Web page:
Friday, January 30, 2009
The nominees for Best Picture are ...
Welcome to Little Worlds – which offers general articles about the world of cinema as well as my ongoing movie-goer’s journal that will provide commentary on the movies I see in theaters this year.
But first, a look at the Oscar nominees for Best Picture of 2008 …
At this time of year when some movie-goers view up on the films nominated for an Oscar for Best Picture, I humbly offer my reviews of the 5 nominated films that I saw in theaters when they were first released.
And the nominees for Best Picture are …
The Curious Case of Benjamin Button
The Curious Case of Benjamin Button examines the experiences of a man who lives his life in reverse. When a boy is born in 1918 as a wizened 84-year-old man, and abandoned on the doorstep of an old-folks home, he is adopted by one of the attendants, an African-American woman named Queenie, played with warmth and wit by Taraji P. Henson. He is called Benjamin – later Benjamin Button when his bitterly disappointed father confesses this abandonment. From childish old man to restless youth, Brad Pitt plays Benjamin touchingly as a curious observer of life’s vicissitudes.
Told through the eyes of Ben’s one true love, Daisy, who lies dying in hospital in New Orleans as Hurricane Katrina batters at the windows, and by means of Benjamin’s diary, the film is a string of whimsical tales. Daisy starts with the tale of Mr. Gateau, a blind clockmaker whose son dies in World War I and who makes a huge train station clock that runs backward – wishing that the clock might reverse time and bring back all the war dead – as illustrated by the stunning vision of the classic charge-across-no-man’s-land scene shown in reverse slow-motion. Perhaps this curious clock is responsible for Benjamin’s curious condition.
In the richly evoked setting of old New Orleans, Benjamin grows up, or down – as the case may be – in the old folks home where he learns his first lessons of life from the residents approaching the ends of their lives. There’s an old codger who claims to have been struck by lightning multiple times. One resident is an opera singer; another resident teaches him how to play the piano. A visiting African pygmy with sharpened teeth tells him of his experiences in a monkey cage and life and death on a great primordial river.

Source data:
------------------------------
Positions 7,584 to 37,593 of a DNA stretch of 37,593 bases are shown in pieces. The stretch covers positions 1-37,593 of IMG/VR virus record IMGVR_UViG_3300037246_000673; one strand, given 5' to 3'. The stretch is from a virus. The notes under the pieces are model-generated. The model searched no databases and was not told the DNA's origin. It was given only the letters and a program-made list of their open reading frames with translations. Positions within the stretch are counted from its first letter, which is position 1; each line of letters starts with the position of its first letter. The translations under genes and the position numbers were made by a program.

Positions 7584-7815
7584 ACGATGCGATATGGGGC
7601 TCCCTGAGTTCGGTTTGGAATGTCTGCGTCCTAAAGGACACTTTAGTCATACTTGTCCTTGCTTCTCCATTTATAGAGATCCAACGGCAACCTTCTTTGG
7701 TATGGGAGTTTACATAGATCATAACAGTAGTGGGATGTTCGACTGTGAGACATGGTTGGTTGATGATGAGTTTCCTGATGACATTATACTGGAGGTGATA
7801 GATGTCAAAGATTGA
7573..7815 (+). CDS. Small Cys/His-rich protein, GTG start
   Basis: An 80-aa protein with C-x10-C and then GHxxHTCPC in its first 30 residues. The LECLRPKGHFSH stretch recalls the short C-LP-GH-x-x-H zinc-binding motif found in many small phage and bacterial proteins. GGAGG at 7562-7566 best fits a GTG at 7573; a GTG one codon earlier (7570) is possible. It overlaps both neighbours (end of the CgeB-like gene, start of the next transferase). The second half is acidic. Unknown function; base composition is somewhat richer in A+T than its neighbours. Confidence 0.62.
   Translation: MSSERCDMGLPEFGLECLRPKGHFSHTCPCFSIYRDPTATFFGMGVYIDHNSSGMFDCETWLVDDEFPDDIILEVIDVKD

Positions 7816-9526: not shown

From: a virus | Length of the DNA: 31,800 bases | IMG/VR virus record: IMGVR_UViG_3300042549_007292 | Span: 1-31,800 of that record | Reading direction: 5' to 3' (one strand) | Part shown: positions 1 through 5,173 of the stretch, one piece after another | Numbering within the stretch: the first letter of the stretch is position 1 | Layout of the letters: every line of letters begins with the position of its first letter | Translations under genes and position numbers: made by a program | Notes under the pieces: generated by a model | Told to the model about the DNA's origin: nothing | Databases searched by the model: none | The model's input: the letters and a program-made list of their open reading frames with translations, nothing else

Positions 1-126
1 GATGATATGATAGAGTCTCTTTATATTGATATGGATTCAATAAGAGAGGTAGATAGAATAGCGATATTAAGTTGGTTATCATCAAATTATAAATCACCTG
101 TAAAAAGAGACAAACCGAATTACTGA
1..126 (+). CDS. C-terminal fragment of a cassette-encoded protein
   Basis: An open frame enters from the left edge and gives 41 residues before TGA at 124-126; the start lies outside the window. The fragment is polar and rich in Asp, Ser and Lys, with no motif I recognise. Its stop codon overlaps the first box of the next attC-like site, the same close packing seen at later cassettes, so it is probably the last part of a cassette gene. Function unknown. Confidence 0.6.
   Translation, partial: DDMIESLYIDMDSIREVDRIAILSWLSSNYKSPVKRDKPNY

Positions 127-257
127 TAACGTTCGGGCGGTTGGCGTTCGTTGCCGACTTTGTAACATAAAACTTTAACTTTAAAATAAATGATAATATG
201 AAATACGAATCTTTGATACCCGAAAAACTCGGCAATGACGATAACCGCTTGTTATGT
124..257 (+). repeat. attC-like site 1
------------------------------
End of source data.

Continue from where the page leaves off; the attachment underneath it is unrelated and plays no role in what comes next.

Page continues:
In a fanciful sepia-toned world of love, loss, regret, making amends, war, and death, Benjamin Button lives life as an oddball Everyman in search of the meaning of life. “Born under unusual circumstances,” he sets out to come to terms with and make the best of the unusual circumstances of his reverse aging on top of the unusual circumstances that anyone encounters in life. He wonders why he has to be different. He wonders about destiny. Was he destined to be with Daisy, the little girl he instantly falls in love with when he is a shriveled, balding “old man” of twelve? Since he was born old-looking, and he can easily see what happens to the old folks in the home in which he lives, Benjamin expects to die “young,” thus he has a passionate curiosity about what lies beyond his veranda, and a firm determination to grasp at any experience – the job aboard the Chelsea, for example – and to savor every experience.
Benjamin sets out to stack up his own life’s experiences when uninhibited by wheelchair or crutches, and it is clear that his youthening will set him off from the other boarders in the rest home. He goes to sea with a tugboat crew. He sees his comrades cut to ribbons by tracer rounds arcing through the darkness from a German U-boat that is rammed by the tugboat. He sees a hummingbird in the middle of the sea. He first tastes vodka, caviar, and the special excitement of a relationship that involves sitting up late with Elizabeth Abbott, an eccentric Englishwoman portrayed wonderfully by Tilda Swinton. Together, they savor the tranquility of the hotel late at night when all the guests are asleep. This first love affair is seen in a series of sequences that poignantly suggest an effort to arrest time and savor every moment. In another fascinating sequence, he learns how serendipity works to bring about a fated tragedy when a Parisian taxi driver, moving through a series of fateful chances involving random delays and mishaps, hits Daisy and ends her dancing career.
CGI trickery convincingly depicts Benjamin’s backward life. As a decrepit old man in a wheelchair, later in crutches, we recognize Brad Pitt’s features in this ancient face. Though Benjamin as an infant is merely a CGI grotesquery; as Benjamin gets younger, we clearly discern his emerging character – an individual destined to observe all the joys and strangeness that life has to offer.